Fit or fold. That’s the concept. Fit can take one of three forms: The flop fits because it improves your hand; it offers a draw that figures to pay off handsomely if you hit it; or you hold a big pair before the flop.

If you don’t improve to a big hand or a draw with a nice potential payoff, get out — and do it now.

Flops you’re going to love
While you’re not going to like the flop most of the time, there are those rare instances when it fits like a custom-made suit. When you’re lucky enough to flop a straight flush, four-of-a-kind, a full house, or the nut flush, your major worry is not whether you’ll win, but how much money you can extract from your opponents.

Your first order of business is examining the texture of the flop. Based on the betting pattern prior to the flop, try determining whether one or more of your opponents has made a hand or has a draw to a hand that would be second best to yours.

Lovable Flops

Straight Flush - Bet the house, the farm, and mortgage your soul. You won’t lose.

Four of a Kind - If there are two pair on board, and you have the smaller of the two pair, it is possible ¾ though very unlikely ¾ that you can lose this hand. But if there’s only one pair on board and you have the matching pair in your hand, you have the nuts. You can’t lose.

Full House - A terrific hand, but you have to examine the board to make sure that yours is the best possible full house before you bet the farm. But don’t be afraid to raise with a full house; it’s probably a winner.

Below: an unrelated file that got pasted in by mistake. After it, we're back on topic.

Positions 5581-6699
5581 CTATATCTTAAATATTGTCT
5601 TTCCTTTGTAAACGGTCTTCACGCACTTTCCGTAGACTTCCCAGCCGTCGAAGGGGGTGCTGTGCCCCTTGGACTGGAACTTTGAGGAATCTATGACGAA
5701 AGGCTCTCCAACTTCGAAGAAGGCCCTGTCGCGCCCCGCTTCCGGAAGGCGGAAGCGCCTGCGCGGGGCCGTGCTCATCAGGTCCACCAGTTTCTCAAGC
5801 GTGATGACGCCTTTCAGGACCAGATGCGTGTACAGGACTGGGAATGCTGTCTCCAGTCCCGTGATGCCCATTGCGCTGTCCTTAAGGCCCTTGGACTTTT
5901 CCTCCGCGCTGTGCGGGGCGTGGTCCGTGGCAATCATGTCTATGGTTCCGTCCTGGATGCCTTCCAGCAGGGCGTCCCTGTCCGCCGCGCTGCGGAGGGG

Nut Flush - If you have an ace-high flush when all the cards have been dealt, and no pair is on the board ¾ which means that a full house or four-of-a-kind is not possible ¾ you’ve got the best possible hand. Just keep betting or raising and don’t stop.

Nut Straight - If you have the highest possible straight, and there’s no possibility of a flush or full house, you’ve got the best hand, period. Bet and raise for all you’re worth.

 

Likable Flops

Set/safe board - If you’re lucky enough to hold 8c8d and the flop is 8hKs2d you’ve flopped a set, and there’s not much to be wary of. There’s no flush or straight draw, and anyone holding a king is going to pay you off.

Trips - If you have Ah8s and the flop is 8c8d7s you’ve got trips. It’s not quite as good as it would be if the pair were in your hand, because anyone holding 8-7 will have flopped a full house. But that won’t happen very frequently, so go ahead and bet and raise as long as the board is not threatening.

 

Good Flops

Two pair - Top two pair is usually a winning hand, as long as the board is neither paired nor three-suited or sequenced. If your two pair are not the top two pair, you have a good hand, but one that is still vulnerable. Stay with it unless it appears obvious that you are beaten.

Top pair - A lot of hold’em pots are won with one pair, and that one pair is usually the top pair on board. Your primary concern with top pair and an apparently safe board is determining whether your kicker is bigger than your opponent’s.

Overpair - If the board is 8h-7s-3c and you hold 10d-10s you have an overpair. It’s better than top pair, and usually a hand to consider raising with.

 

Dangerous Flops

Kicker trouble - Even if you flop top pair, your hand is only as strong as your kicker. It’s a lot nicer to make top pair with an ace kicker than a weaker one.

Suited board - Flops where all the cards are of the same suit, or are sequenced, like 10-9-8 are dangerous. Someone may already have made a straight or a flush, and even if you’ve been lucky enough to flop a set, you are staring up hill and will probably have to see the board pair - giving you a full house - in order to win. With top pair, or even two pair, discretion is usually the better part of valor with suited or sequenced flops.

 

Beginners 6 Part Texas Holdem Course by Lou Krieger

The goal is to introduce new players to this exciting game and give them enough background to make them feel comfortable playing Texas Holdem poker for real online.

Lesson 1 / Lesson 2 / Lesson 3 / Lesson 4 / Lesson 5 / Lesson 6